Questions from a Loan Officer: How long do you plan on staying in your first home?

Jamie Ayala

Jamie Ayala

Jamie Ayala has been working as a Loan Processor at Rock Mortgage for more than 4 years. As a knowledgeable account executive he has had many years of customer service experience in the loan, information technology, and political industries. Recognized for demonstrating a natural aptitude for working with cross-functional teams, as well as for meeting deadlines and validating loan documents, Jamie has a verifyable history of consistently exceeded sales and performance goals. His professional focal points include loan processing, client negotiations, team collaboration, and project management.

In this blog series, the Certified Residential Mortgage Loan Originators from Rock Mortgage explain the questions they ask every mortgage applicant, why it’s important for the success of their application and how it effects the amount they will pay as a homeowner.

One of the most key questions that we ask every first-time homebuyer is “How long do you plan on staying in your first home,” and for some, it can be difficult to answer because life can throw unexpected curveballs as we all well know.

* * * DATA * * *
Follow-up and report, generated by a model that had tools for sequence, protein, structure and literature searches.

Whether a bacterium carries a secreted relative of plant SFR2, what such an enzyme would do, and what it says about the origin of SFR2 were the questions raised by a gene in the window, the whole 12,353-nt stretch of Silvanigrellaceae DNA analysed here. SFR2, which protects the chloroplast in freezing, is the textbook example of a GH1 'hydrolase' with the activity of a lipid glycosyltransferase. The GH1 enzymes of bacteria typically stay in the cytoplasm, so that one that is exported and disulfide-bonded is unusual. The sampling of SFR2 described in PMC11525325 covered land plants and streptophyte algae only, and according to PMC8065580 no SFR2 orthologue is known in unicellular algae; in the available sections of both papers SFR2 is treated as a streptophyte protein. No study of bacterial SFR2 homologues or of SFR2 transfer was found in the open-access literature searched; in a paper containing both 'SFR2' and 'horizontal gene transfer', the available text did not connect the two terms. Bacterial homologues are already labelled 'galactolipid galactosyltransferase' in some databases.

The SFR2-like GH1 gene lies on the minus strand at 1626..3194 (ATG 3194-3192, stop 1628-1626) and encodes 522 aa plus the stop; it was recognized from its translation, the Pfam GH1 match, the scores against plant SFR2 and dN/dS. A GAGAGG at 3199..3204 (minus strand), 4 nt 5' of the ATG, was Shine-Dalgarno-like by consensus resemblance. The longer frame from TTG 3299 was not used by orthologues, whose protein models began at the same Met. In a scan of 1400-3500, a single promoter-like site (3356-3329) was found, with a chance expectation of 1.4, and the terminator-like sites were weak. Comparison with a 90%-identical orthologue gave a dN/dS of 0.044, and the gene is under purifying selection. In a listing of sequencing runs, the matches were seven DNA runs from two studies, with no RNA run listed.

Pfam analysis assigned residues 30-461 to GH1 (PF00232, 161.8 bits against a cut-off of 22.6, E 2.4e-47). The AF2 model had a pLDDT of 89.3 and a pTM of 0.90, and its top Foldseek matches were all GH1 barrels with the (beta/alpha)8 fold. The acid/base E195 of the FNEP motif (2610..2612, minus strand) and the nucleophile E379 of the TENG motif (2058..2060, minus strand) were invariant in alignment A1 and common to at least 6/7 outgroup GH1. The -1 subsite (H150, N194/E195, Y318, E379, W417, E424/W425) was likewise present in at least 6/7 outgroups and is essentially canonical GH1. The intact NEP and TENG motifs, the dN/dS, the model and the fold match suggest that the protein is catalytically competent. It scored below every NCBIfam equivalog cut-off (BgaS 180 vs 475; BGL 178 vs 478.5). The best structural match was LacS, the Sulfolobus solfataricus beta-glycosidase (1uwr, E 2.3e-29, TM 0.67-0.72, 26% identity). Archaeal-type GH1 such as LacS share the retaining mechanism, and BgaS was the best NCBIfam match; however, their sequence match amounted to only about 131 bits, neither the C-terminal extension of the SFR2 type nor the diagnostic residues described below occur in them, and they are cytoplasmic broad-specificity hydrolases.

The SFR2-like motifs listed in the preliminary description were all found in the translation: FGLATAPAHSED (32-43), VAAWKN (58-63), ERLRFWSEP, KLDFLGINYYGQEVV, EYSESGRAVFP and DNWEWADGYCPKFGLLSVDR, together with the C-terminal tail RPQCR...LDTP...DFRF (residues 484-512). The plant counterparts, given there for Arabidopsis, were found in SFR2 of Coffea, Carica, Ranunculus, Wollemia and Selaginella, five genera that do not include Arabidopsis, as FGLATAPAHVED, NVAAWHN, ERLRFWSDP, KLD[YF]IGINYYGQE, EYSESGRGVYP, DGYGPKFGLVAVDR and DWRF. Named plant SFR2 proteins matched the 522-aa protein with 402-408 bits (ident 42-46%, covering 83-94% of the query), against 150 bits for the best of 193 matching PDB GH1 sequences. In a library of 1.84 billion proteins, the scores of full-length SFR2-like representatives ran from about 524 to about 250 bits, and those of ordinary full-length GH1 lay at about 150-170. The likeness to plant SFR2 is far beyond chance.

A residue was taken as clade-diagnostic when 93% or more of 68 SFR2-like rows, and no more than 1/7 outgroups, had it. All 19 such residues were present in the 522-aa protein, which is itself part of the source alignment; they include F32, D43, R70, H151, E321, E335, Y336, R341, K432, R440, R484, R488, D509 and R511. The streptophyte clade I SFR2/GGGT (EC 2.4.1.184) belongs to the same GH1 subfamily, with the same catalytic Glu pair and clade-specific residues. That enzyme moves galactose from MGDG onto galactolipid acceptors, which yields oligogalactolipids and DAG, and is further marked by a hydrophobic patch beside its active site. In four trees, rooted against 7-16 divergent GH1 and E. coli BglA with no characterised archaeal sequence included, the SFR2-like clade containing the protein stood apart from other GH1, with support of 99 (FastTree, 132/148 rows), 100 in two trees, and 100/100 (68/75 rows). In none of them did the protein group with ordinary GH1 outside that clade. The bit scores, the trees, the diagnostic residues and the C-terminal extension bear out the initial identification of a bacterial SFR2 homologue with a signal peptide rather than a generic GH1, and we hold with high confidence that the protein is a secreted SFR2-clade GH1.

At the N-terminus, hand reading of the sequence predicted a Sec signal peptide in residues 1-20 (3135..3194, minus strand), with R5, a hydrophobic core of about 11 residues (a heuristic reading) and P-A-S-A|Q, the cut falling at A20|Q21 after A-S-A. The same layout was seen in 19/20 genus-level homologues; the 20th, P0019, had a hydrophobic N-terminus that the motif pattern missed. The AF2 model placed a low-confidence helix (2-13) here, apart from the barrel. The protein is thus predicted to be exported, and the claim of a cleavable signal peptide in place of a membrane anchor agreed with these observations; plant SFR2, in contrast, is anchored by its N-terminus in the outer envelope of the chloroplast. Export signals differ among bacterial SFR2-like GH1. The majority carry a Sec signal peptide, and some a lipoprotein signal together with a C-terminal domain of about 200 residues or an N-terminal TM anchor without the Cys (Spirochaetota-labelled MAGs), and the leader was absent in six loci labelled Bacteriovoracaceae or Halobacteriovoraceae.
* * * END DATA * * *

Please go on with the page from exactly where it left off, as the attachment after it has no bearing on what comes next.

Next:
However, it’s important to consider this timeframe when purchasing a home because the planned duration a homebuyer stays can guide what home product is best for them.

Statistically speaking, the average first time home buyer only stays in their first home for five to seven years. For homebuyers who plan that this home purchase is just a stepping stone to the future, an FHA home loan is a great option. FHA loans require only a 3.5% down payment and offer some of the lowest interest rates available on the market. However, by choosing an FHA home loan homeowners must pay mortgage insurance for as long as they own the home which significantly increases the investment without the expectation of a return.

While Mortgage insurance is required on FHA home loans for the life of the loan, this is not true for conventional loans. Mortgage insurance on conventional loans is only necessary until 20% of the home’s equity is paid. So, some conventional loan home buyers choose to put 20% down from the start to eliminate mortgage insurance altogether. For homeowners who plan on staying in your first home for 10 years or more, this route could save money in the long term. Conventional loans have slightly higher rates than FHA. However, the slightly higher rate is still typically lower than the cost of mortgage insurance for the lifetime of the loan.

For additional information about FHA and Conventional Loan options, Rock Mortgage’s registered home loan experts can advise you on which mortgage options are best suited for your individual needs. Call Rock Mortgage today at 832-230-3067 or visit us online. We look forward to guiding your home mortgage process.